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Psalm 88:3,4 – Near to Sheol


Psalm 88:3 – For my soul is full of troubles. My life draws near to Sheol.
Psalm 88:4 – I am counted among those who go down into the pit. I am like a man who has no help — World English

The psalmist, probably David, was expressing sorrow that, as it appeared to him, his troubles was going to kill him. Nevertheles, the psalmist does not seem to think of his drawing near to Sheol as though he were drawing near to paradise, for in verse four he likens it to going down into the pit. He does not give support to the tradition that would have paradise as a compartment in Sheol. If the writer is David, who was counted of those of faith (Hebrews 11:32); most would certainly not think that he had gone into eternal torture in sheol. Nevertheless, expressions of the psalmist do fit the Biblical truth that sheol is the oblivious realm of death. — Ecclesiastes 9:5,10.

Indeed, this Psalm, like some other scriptures, parallels sheol with the pit (Hebrew, bowr, Strong’s #953) and the grave (Hebrew, Qeber, Strong’s #6913 — it is from this parallelism that many refer to sheol as “gravedom”, as referring to the common grave, not to a single grave), and describes the dead in sheol as as going down into Sheol as those who lie in the grave, whom Yahweh remembers [as in blessing, his lovingkindness — Psalm 88:11] no more and who are cut off from his hand [of blessing]. (Psalm 88:5) It is described as being in the “darkest depths.” Verse 10 confirms the condition of those in sheol, where the psalmist asks Yahweh: “Do you show wonders to the dead? Do the dead rise up and praise you? Is your lovingkindness declared in the grave? Or your faithfulness in Destruction? Are your wonders made known in the dark? Or your righteousness in the land of forgetfulness?” (Psalm 88:10-12) Notice the terms used in verse 12, “in the dark” and “the land of forgetfulness”. This confirms Ecclesiastes 9:5,10, which shows that those in sheol are not conscious. It also confirms Psalm 6:5, where David speaks of those in sheol as being unable to give thanks (praise) to Yahweh. The fact that the when the righteous go to sheol, they cannot praise Yahweh, definitely shows that paradise was not an “alleged” compartment of sheol, as some of the Hellenized Jewish leaders claimed, and as many professed Christians have claimed.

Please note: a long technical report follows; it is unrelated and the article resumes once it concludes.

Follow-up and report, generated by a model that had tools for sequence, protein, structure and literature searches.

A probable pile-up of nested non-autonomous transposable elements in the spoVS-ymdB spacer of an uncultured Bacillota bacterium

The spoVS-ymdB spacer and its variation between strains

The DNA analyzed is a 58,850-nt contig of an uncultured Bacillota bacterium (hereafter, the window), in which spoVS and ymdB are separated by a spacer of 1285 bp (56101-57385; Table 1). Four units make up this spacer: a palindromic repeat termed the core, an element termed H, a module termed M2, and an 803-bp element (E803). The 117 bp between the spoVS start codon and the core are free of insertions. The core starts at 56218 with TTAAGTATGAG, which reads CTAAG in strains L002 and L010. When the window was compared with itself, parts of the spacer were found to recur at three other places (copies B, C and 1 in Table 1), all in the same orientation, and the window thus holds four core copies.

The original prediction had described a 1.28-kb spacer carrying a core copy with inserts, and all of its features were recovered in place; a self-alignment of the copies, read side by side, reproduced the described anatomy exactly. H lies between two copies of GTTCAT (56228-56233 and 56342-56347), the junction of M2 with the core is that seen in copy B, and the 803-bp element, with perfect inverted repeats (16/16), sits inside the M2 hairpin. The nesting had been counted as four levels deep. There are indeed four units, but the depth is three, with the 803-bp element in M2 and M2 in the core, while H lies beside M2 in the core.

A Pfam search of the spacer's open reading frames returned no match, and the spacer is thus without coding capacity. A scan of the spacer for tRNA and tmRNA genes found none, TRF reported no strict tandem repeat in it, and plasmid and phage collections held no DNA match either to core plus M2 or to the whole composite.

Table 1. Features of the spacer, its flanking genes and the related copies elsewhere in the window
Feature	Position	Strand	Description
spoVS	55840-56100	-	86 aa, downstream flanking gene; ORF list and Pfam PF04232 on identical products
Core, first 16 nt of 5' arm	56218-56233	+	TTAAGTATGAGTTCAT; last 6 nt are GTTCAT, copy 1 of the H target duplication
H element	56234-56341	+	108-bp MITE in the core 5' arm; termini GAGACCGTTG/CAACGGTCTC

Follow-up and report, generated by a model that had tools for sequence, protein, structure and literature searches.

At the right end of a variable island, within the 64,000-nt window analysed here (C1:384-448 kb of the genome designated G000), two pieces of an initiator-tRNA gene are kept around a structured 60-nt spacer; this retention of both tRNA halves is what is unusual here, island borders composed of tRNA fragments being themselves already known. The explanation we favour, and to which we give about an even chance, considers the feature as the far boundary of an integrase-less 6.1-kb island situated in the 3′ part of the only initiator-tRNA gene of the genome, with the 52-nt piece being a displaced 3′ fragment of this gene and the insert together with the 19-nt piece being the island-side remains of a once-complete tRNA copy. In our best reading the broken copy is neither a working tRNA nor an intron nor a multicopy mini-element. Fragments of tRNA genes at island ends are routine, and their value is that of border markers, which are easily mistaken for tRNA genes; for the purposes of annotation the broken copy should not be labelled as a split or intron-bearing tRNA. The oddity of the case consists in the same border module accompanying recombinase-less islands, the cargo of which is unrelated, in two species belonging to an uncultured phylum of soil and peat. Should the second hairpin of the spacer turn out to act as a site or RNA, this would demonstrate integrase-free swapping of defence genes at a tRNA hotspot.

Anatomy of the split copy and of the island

In Psalm 88:6, the psalmist states: “You have laid me in the lowest pit, In the darkest depths.” This relates back to verse 4, in which the psalmist stated, “I am counted among those who go down into the pit. I am like a man who has no help.” This indicates that the psalmist was referring to “the lowest pit” and the “darkest depts” as meaning that the psalmist felt that he had reach a point wherein he had no hope; evidently, it appeared that there was no way that he would escape death. The psalmist was not literally in a pit, nor was he literally in sheol, thus his words are figurative of what he was feeling, or it is possible that he was expressing what his enemies counted him to be.

While the psalmist is speaking pictorially, he does speak in harmony the rest of the Bible concerning the condition of those in sheol; those in sheol are not conscious, and thus they cannot feel hope, nor can they offer praise to Yahweh while in sheol. And, yet, Jesus died and went to sheol so that all who are in sheol may be released in the day of judgment, that they may be tried individually by their own works, according to the truths that are revealed to them in that “last day”. – Psalm 6:6,10; Isaiah 2:2-4; John 5:28,29; 12:47,48; Acts 2:27-32; Romans 5:12-19; Revelation 20:11-13.

Mankind’s Course to the Day of Judgment

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